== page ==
Ruling

09529-16 A man v Wales Online

    • Date complaint received

      2nd March 2017

    • Outcome

      No breach - after investigation

    • Code provisions

      6 Children, 9 Reporting of crime

Decision of the Complaints Committee 09529-16 A man v Wales Online

Summary of Complaint

1. A man complained on behalf of his daughter and grandchildren to the Independent Press Standards Organisation that Wales Online breached Clause 6 (Children) and Clause 9 (Reporting of crime) of the Editors’ Code of Practice in an article headlined “Father and son jailed after teeth whitening company sold products which left patients with chemical burns”, published on 16 September 2016.

2. The article reported that a businessman, and his father, had pleaded guilty to participating in a fraudulent business, and were both sentenced to 18-months in prison. It reported that the pair’s business funded a “lavish lifestyle”, including a large house that the businessman shared with his wife and two children, who were named. 

3. The complainant, the father of businessman’s wife and grandfather of their children, said that the article had published the names of his daughter and grandchildren when they were not genuinely relevant to the story. He also said that Clause 6 had been breached in relation to the naming of his grandchildren; he said that it represented an unnecessary intrusion into their time at school, and that their names had only been published in the article because of the notoriety of their father.

4. The newspaper said that the names of the complainant’s daughter and grandchildren were mentioned in open court by the businessman’s barrister as part of his mitigation. It said that as there were no reporting restrictions in place, it was entitled to report this information; it also said that as their names formed part of the businessman’s mitigation, all three were genuinely relevant to the reporting of his conviction. However, as a gesture of goodwill, it removed the names of the children from the article.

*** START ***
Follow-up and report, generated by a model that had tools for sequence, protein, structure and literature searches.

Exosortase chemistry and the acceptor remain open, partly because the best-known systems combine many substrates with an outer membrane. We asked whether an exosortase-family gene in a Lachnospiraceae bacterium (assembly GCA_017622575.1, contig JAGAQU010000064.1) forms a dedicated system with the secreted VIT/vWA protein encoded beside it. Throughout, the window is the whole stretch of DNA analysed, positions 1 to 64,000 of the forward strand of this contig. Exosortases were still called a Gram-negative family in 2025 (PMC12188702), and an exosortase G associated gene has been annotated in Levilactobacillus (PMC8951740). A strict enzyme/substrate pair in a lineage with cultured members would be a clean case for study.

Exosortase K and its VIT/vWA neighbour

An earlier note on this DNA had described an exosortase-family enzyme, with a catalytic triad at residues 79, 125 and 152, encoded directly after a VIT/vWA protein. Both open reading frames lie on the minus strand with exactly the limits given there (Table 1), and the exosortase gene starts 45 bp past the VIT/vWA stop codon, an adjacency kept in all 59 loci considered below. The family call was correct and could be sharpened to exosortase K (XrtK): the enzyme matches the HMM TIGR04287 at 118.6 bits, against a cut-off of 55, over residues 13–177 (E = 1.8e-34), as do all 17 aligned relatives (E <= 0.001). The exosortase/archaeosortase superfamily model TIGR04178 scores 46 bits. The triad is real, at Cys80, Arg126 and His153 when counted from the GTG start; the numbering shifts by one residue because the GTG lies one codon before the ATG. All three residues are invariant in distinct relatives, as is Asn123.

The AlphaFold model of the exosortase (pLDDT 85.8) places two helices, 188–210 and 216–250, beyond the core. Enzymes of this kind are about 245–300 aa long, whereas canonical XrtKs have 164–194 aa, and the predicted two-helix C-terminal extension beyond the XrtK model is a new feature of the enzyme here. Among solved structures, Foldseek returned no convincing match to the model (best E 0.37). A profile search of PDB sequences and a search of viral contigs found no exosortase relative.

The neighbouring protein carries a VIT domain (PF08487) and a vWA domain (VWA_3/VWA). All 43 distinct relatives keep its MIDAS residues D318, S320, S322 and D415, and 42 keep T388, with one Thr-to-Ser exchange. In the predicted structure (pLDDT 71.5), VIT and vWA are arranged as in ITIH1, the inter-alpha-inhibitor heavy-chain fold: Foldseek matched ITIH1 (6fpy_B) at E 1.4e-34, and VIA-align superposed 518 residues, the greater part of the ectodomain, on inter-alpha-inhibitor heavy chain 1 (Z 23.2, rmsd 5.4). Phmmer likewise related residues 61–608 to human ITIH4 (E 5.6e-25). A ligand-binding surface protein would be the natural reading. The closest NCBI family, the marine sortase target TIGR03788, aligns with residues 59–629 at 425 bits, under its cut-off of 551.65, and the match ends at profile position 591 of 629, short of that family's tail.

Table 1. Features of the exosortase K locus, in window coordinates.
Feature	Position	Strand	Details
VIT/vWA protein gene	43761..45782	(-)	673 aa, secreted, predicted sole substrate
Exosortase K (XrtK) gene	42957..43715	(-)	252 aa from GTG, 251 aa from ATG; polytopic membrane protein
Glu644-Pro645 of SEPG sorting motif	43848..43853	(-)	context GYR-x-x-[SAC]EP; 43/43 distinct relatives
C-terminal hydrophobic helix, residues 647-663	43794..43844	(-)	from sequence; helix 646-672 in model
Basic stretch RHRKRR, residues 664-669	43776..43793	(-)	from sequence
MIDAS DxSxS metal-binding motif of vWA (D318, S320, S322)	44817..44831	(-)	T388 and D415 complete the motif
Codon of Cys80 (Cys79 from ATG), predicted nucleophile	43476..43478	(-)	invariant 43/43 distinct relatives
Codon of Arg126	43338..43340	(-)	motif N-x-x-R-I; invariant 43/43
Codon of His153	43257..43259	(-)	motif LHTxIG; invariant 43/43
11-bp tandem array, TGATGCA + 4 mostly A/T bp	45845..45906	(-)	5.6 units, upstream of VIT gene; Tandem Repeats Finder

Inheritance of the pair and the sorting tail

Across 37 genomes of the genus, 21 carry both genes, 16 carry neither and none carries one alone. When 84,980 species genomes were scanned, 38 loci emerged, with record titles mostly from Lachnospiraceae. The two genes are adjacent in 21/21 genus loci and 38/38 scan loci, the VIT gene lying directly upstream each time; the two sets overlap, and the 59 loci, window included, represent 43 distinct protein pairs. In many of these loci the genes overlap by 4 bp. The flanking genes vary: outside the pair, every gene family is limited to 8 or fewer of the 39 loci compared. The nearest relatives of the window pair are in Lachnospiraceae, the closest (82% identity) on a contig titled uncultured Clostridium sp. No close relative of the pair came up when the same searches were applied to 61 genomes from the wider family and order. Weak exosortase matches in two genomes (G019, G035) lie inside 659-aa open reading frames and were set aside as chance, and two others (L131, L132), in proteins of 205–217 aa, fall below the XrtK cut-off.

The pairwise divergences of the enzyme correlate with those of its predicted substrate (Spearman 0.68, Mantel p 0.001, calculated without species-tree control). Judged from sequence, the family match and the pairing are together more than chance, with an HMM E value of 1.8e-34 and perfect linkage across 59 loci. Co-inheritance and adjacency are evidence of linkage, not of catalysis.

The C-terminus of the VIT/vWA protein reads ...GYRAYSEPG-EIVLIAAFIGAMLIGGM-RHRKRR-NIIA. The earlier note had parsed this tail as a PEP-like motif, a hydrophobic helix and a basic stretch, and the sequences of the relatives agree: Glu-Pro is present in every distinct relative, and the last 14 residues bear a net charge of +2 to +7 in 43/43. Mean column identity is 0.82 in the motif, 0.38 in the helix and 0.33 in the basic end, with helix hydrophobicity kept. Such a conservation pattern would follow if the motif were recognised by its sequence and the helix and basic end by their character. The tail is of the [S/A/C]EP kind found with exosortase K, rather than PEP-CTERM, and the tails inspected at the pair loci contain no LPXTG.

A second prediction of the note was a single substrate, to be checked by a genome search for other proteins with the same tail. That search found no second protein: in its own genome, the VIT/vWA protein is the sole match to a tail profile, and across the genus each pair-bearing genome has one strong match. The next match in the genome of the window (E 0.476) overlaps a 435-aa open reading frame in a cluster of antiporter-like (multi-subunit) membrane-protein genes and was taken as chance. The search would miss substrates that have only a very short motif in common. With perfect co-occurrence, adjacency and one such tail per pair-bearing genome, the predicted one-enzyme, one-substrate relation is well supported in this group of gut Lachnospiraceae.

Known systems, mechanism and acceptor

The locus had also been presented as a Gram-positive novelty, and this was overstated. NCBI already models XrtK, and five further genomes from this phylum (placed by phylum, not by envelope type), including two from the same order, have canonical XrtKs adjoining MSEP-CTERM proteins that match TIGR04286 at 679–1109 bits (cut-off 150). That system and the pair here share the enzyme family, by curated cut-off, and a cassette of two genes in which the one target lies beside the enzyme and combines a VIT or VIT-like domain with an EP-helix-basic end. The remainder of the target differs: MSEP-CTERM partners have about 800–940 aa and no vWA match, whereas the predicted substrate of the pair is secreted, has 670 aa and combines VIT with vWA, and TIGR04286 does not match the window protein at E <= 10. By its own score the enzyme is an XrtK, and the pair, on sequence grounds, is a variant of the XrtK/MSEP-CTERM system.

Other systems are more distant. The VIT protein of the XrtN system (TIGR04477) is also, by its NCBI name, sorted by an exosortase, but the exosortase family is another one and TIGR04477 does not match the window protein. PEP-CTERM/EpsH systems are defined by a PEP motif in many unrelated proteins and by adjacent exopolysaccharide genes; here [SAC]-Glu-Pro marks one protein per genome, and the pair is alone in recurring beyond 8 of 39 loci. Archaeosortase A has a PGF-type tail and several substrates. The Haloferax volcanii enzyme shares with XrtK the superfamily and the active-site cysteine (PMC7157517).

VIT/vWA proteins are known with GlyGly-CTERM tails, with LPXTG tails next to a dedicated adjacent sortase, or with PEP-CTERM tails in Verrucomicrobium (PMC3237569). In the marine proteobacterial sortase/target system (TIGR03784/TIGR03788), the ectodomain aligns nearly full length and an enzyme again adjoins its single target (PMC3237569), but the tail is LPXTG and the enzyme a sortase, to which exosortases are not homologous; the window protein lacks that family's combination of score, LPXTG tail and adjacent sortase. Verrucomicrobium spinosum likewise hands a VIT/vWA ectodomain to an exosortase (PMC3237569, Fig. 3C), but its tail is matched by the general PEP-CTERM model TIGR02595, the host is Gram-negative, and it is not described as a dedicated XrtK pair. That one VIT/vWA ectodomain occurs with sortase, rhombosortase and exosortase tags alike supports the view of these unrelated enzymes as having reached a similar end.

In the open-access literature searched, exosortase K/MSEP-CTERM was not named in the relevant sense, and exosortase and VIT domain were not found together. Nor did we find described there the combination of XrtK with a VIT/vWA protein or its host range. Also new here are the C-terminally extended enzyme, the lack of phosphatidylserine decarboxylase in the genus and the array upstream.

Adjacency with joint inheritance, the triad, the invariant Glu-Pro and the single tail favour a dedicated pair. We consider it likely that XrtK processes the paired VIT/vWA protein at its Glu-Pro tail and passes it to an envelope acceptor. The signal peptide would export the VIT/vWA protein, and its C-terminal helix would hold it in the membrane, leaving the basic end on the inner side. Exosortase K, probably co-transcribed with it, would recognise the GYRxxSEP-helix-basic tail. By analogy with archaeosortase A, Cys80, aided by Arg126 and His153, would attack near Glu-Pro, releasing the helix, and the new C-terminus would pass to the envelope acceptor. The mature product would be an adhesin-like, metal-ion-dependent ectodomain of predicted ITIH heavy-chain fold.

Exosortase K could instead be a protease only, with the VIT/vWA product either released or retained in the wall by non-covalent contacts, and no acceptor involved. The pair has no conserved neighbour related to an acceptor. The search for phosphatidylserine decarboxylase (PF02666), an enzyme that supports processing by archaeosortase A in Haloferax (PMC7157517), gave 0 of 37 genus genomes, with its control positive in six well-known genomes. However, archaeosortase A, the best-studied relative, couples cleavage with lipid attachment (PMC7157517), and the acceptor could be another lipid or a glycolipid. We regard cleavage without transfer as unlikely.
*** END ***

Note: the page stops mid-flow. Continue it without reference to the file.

Relevant Code Provisions

5. Clause 6 (Children)

i) All pupils should be free to complete their time at school without unnecessary intrusion.

ii) They must not be approached or photographed at school without permission of the school authorities.

iii) Children under 16 must not be interviewed or photographed on issues involving their own or another child’s welfare unless a custodial parent or similarly responsible adult consents.

iv) Children under 16 must not be paid for material involving their welfare, nor parents or guardians for material about their children or wards, unless it is clearly in the child's interest.

v) Editors must not use the fame, notoriety or position of a parent or guardian as sole justification for publishing details of a child's private life.

Clause 9 (Reporting of crime)

i) Relatives or friends of persons convicted or accused of crime should not generally be identified without their consent, unless they are genuinely relevant to the story.

ii) Particular regard should be paid to the potentially vulnerable position of children who witness, or are victims of, crime. This should not restrict the right to report legal proceedings.

Findings of the Committee 

6. The Committee noted that the publication of the names of his daughter and grandchildren had caused the complainant concern. However, publications are, in the absence of reporting restrictions, entitled to include information revealed in open court in their reporting of proceedings. In this case, the names of the complainant’s daughter and grandchildren were disclosed in open court as part of the businessman’s mitigation and, as a consequence, they were genuinely relevant to the reporting of these particular proceedings. As such, the newspaper was free to identify them; there was no breach of Clause 9.

7. In circumstances where the children’s names were revealed in open court as part of their father’s mitigation, the publication of their names did not represent an unnecessary intrusion into their time at school, nor was the sole reason for the publication of their names the notoriety of their father. There was no breach of Clause 6.

8. Editors are able to exercise their discretion to omit details from articles in circumstances such as these. On receipt of the complaint, the newspaper deleted the names of the children from the article, a course of action that was welcomed by the Committee.

Conclusions

9. The complaint was not upheld.

Remedial Action Required

N/A

Date complaint received: 19/10/2016
Date decision issued: 24/01/2017